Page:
I worked with a student a few years ago in my science class who quickly grew bored of the traditional kind of education that included reading a text, taking notes, and answering questions. He demonstrated his understanding of the content very easily and finished far ahead of the other students. At the time, I hadn’t created any sort of Extend Your Learning sort of activities that I have in place in the classroom now. I didn’t know what to do. I feared that I was losing him to the sad game of repetition. And that’s when I got a bolt of creativity. I constructed some extension activities that he and other students who showcased their learning ahead of schedule could work on. One of the projects involved using the game Minecraft to create a usable model of the layers of Earth, highlighting important facts about each of the major layers. As he loved Minecraft, I knew that this option would pique his interest. Well, to say the least, he and the rest of the class, went bonkers for this project and worked outside of class to finish their Knowledge Phase to get to this extension activity. They also spent much time working on their Minecraft model outside of class. The screencast videos they made of the models were amazing. My students are so creative and always have been. I just didn’t always create opportunities for them to showcase it.
Chapter 5 of Grading Smarter Not Harder by Myron Dueck was all about the importance and benefit of being creative when crafting assessments, tests, and projects to assess students on their understanding of the content, learning targets, or graded objectives. Creativity is a crucial life skill for our students. He cited educational gurus Daniel Pink and Sir Ken Robinson to help him make his point. Creativity allows for a variety of ideas and a unique way of thinking, he states on page 120 of his book. He then goes onto mention how creativity will be necessary for problems to be solved by future generations. Teachers need to allow students options and choice when showcasing their learning. Empowering students to utilize their strengths to demonstrate learning of a particular concept leads to engagement and focus in and out of the classroom.
- Dueck suggests using Test Feedback Sheets to allow students to examine and reflect upon their work on a test or final assessment. While I use a more simplistic form of this type of reflection in the classroom, the specificity of his example would better allow my students to reflect and grow as test takers and learners. He asks questions such as, “Are there parts or sections where you felt more confident than others? Explain.” I like this idea. I might not use it after every assessment, but for unit assessments it could be a useful reflective tool for the students.
- Although I am not a fan of multiple guess tests, the author asserts a new approach to multiple choice exams. He calls it the “I Know I am Close” Multiple Choice Response Format. It allows students to choose more than one letter or answer to a question when they feel as though they have a specific reason for not being able to select just one answer. The students would select more than one letter or answer and then explain, using support, why they have chosen more than one answer to the question. Cool idea, if multiple choice tests must be used in the classroom as an assessment tool. I try to steer clear of them for many obvious reasons.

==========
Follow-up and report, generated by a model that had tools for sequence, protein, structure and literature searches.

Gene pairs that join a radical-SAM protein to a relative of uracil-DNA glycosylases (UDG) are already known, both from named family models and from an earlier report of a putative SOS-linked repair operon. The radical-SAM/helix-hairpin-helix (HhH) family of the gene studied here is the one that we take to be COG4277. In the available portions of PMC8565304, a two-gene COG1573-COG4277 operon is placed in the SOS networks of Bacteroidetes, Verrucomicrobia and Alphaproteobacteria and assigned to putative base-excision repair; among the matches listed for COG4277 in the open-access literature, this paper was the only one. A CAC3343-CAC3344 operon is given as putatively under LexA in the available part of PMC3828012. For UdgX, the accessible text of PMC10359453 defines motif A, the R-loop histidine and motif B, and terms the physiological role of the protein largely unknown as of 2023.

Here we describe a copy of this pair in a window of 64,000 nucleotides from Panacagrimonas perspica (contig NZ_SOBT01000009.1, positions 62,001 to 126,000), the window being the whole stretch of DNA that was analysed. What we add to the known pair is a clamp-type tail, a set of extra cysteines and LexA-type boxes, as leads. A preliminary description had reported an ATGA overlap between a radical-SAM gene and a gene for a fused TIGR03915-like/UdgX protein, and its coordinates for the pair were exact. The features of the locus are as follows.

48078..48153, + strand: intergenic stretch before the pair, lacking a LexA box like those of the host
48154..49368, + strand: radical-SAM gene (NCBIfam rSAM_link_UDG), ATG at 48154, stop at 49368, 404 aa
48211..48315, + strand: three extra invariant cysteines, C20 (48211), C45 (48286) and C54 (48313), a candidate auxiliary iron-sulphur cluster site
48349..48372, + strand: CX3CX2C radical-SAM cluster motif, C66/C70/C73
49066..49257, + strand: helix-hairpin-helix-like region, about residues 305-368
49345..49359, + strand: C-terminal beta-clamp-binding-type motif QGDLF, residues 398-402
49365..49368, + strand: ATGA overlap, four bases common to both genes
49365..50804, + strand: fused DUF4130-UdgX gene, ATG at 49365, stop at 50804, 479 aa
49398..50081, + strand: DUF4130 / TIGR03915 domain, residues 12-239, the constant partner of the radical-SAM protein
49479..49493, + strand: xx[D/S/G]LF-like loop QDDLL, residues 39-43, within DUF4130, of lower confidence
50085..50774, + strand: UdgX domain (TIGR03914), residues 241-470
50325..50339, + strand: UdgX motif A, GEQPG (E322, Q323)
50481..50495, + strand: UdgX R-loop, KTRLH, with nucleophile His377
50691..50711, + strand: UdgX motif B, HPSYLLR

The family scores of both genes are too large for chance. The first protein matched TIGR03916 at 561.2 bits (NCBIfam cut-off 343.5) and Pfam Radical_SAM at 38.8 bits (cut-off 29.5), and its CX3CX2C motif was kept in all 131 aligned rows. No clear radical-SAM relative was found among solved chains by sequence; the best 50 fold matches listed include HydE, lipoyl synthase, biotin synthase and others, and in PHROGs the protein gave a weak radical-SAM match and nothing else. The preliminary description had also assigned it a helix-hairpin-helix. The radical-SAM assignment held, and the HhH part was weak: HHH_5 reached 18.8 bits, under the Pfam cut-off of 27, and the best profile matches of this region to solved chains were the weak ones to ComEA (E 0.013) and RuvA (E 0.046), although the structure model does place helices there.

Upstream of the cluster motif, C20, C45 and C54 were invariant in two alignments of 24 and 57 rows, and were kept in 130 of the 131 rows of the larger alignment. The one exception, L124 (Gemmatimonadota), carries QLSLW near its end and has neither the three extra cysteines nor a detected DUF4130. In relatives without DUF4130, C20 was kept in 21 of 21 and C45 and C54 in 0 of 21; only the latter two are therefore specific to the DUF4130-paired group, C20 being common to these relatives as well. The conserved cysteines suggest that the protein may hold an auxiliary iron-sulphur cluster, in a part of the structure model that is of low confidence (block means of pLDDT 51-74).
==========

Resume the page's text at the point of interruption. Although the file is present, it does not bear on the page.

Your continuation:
- Dueck suggested using a Twitter Format as an assessment tool. Students would create a Twitter conversation between two or more parties or items pertaining to a topic and have to meet one of the learning targets through the conversation. The example he provides on page 150 is to create a Twitter conversation between two of Earth’s spheres. They must discuss the effects of deforestation on their sphere. Each sphere needs to have a handle and a relevant hashtag. Only four tweets can be used. Keep it simple. I love it. It allows for brevity and succinctness in a creative manner. While this task could be difficult for some students, it may allow other students to feel successful when attempting to meet a learning target or graded objective. The idea is about providing students with options and choices in how they can showcase their learning process.
As I have only the Conclusion chapter remaining, I’m feeling a bit let down by the book. I longed for more. Sure, the chapter on Unit Plans was fabulous and has provided me with much fodder in crafting my new units for the next academic year; however, the other chapters were not what I was hoping for. It would make a great text for new teachers or teachers who are stuck in the traditional ways of grading and teaching, but for someone who has been utilizing the methods discussed in this book for several years now, it is a bit basic. I’m not putting the book down by any means because the author does a fantastic job outlining some of the components of great and effective teaching. It’s just not the professional development text I was hoping it would be. It’s more of a primer on great teaching practices. With that said, it has been a fun ride this week digging into Dueck’s ideas and thoughts. The prose was interesting and captivating. He used personal stories to help state his case, which added depth and humanity to the points he was trying to make. I liked it, but I didn’t love it.